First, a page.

Experiential Learner: How AIDS taught me to listen to parents in the age of COVID

Ken Haller
8 min readAug 20, 2021


“Can you absolutely, positively guarantee me that if I wear this thing my family and I won’t get the coronavirus?” The father was sitting across from me in the exam room holding up a cloth mask, his two-and-a-half year old son Jordan at his side playing with his own mask.

At this point, September 2020 and six months into the pandemic, I was frankly getting a little tired of this question. I know I may sound overly dramatic but whenever people ask me that, I feel like Humphrey Bogart in The African Queen screaming as Katharine Hepburn salts leeches off of him, knowing he’ll soon have to get back in the water and drag the damn boat further through the marsh.

I was also frankly surprised that I was even getting this question. Look, I’m a pediatrician. People love us. We’re almost always in a good mood because we take care of kids all day. So people trust us and, for the most part, we’re all on the same page when it comes to kids and health. But we all know that mask-wearing has become a thing and, sadly, like something I’ve seen before.


I began my medical career as a resident at Lenox Hill Hospital in Manhattan in the early 1980s. New York City was one of the first places where a mysterious disease that targeted gay men, among others, was becoming a terrifying reality. As a doctor who was also a gay man, I was an early convert to the need to use condoms to prevent spread of what would come to be called acquired immune deficiency syndrome or AIDS.

However, as much of the gay community finally came together to fight this disease over the coming years, it took time. I went to a lot of bars and clubs and community meetings where guys were telling me that this was a government conspiracy, a plot by pharmaceutical companies, a bio-weapon gone wrong, a method of genocide, or a hoax. It took the bitter experience of personal loss for many of us to be convinced.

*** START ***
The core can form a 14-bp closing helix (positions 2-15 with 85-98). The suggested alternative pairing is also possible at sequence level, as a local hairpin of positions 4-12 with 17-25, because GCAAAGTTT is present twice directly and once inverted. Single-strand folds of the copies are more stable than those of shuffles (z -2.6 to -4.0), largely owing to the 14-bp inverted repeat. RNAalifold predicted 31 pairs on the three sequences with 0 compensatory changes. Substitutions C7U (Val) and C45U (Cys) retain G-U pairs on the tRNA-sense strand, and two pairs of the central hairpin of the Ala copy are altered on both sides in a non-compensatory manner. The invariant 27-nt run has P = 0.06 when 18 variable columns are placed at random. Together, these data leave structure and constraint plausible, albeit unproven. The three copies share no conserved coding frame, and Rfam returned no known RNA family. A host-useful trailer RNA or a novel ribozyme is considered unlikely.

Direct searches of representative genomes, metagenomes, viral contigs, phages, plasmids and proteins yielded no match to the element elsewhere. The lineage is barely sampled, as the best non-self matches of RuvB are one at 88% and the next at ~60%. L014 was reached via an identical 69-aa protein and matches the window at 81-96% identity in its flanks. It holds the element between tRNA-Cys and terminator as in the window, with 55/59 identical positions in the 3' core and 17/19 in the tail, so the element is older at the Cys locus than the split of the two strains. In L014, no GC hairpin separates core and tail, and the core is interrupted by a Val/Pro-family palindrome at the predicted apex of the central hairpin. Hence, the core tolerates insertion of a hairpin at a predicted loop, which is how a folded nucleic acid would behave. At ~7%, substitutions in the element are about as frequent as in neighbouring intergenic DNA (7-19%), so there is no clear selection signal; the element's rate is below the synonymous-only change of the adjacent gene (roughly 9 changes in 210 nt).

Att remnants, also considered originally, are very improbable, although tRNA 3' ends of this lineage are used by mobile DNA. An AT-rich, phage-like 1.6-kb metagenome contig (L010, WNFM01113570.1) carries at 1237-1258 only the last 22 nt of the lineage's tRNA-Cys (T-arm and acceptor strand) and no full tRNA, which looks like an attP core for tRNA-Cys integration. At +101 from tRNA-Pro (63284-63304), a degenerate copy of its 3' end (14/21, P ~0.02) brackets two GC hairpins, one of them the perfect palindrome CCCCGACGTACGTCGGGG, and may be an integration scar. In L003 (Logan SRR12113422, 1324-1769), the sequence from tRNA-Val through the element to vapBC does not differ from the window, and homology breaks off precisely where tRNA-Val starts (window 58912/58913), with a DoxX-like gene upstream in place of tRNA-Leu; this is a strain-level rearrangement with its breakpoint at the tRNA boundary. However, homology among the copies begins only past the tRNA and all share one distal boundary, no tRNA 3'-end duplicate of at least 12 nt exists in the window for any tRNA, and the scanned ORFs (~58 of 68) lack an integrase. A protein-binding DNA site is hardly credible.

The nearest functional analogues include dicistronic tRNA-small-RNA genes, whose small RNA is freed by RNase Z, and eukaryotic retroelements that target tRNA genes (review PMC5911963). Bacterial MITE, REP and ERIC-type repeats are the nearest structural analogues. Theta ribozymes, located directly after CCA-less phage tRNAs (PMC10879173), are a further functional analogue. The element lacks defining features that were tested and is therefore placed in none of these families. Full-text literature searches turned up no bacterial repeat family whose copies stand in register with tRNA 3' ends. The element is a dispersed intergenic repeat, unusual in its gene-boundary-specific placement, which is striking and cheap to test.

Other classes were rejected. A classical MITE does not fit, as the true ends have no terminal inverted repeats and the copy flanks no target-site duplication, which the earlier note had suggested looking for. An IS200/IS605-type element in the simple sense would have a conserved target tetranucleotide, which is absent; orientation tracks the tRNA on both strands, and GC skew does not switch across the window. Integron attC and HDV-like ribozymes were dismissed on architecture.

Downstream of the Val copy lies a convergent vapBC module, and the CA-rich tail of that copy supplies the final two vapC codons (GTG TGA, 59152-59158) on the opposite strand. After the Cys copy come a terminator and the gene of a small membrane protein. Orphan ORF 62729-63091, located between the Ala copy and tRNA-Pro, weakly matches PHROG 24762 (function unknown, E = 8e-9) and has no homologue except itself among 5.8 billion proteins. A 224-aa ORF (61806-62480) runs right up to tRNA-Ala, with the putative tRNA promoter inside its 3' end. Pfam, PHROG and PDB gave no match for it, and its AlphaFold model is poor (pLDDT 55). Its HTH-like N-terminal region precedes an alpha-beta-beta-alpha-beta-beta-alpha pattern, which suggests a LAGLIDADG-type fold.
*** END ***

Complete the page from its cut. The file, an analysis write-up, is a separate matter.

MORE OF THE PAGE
By 1987, I was practicing pediatrics in East St. Louis, Illinois, and serving as the chair for the St. Clair County Task Force on AIDS. By this point, I figured, everyone must know how you got AIDS and how you didn’t.

I had heard about an eight-year-old boy in nearby Belleville, Illinois, who had contracted AIDS as a result of a blood factor transfusion for his hemophilia. He was facing a lot of opposition to returning to school from parents concerned their kids might get AIDS from him. Now this, of course, had no basis in science. I am a doctor. I do believe in science. It’s what I do and who I am.

One evening, I was invited to be on a panel at Belleville High School along with the head of the St. Clair County Health Department and the director of the East Side Health District which served East St. Louis. We sat at a long folding table on folding chairs in the gymnasium facing the bleachers. Those bleachers had been pulled all the way out and were completely packed with parents and kids. Pretty much every parent looked angry.

My fellow panelists and I went through an explanation of how AIDS is caused by the virus HIV and how that virus is transmitted only by very intimate contact like sexual intercourse or through blood. That’s it.